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MARKETPLACE The Harmony System: A Strong Connection As an active vacuum volume management system for transtibial prostheses, the Harmony P4 System creates vacuum between the liner and socket resulting in an unprecedented socket fit. Compared to a valve or pin system, benefits include: • Reduced volume fluctuations • Improved suspension • Reduced forces within the socket • Improved proprioception • Promotes residual limb blood circulation. To learn more, call your sales representative or visit shop.ottobock.us.

Agilium® Vantage Knee OA Brace From Ottobock Meet the Agilium Vantage, a low-profile, wraparound knee brace designed to provide lasting pain relief for patients with mild to moderate unicompartmental osteoarthritis. Key features: • Dynamic Y force strap system unloads the knee with a single pull • Adjustable, numbered closure straps for patient compliance • Trimmable sleeves reduce inventory to only three sizes. Give your patients less pain and more life with the Agilium Vantage. For more information, call 800/328-4058 or visit professionals.ottobockus.com.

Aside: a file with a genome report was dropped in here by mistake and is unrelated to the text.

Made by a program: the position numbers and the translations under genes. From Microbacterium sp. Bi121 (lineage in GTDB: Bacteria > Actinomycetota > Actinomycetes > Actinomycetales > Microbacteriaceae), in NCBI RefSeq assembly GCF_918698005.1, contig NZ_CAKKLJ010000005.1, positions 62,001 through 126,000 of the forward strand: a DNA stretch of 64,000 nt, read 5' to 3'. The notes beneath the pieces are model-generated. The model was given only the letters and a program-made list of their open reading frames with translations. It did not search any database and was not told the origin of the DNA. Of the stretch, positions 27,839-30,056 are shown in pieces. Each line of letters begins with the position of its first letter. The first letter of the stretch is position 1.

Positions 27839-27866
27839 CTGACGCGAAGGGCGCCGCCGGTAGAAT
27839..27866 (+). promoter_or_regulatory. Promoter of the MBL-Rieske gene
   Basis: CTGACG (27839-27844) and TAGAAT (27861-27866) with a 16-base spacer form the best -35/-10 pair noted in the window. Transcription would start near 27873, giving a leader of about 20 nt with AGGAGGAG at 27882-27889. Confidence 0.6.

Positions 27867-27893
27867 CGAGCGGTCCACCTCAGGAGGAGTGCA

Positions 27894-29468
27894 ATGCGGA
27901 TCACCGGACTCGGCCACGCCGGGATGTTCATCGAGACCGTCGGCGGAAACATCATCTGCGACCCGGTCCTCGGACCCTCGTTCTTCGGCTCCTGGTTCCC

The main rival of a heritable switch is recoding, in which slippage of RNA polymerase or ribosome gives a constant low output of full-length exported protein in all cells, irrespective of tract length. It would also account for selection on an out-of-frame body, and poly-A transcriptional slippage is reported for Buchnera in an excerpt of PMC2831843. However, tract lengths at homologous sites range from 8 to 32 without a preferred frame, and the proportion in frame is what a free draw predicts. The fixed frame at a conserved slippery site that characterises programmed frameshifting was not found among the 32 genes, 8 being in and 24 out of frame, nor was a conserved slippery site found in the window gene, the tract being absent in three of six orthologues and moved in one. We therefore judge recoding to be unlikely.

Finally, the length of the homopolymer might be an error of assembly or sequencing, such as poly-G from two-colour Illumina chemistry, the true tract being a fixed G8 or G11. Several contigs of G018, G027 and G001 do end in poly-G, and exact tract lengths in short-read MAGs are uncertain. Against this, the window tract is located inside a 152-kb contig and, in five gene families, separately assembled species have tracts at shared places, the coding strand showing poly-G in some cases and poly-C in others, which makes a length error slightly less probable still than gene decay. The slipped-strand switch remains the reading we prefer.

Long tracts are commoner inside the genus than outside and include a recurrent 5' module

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PROTEOR USA Rush Rampage LP With an ongoing mission to improve the lives of amputees through innovation and product improvement, PROTEOR USA is proud to introduce the all-new RUSH RAMPAGE LP, RAMPAGE LP EVAQ8, and RAMPAGE LP H2O. The RUSH RAMPAGE LP features a similar, medium build-height profile as the RUSH LoPro and offers increased dynamic response and a higher patient weight limit, all while achieving an overall reduction in product weight. Discover the exciting PROTEOR USA product line today at proteorusa.com. #humanfirst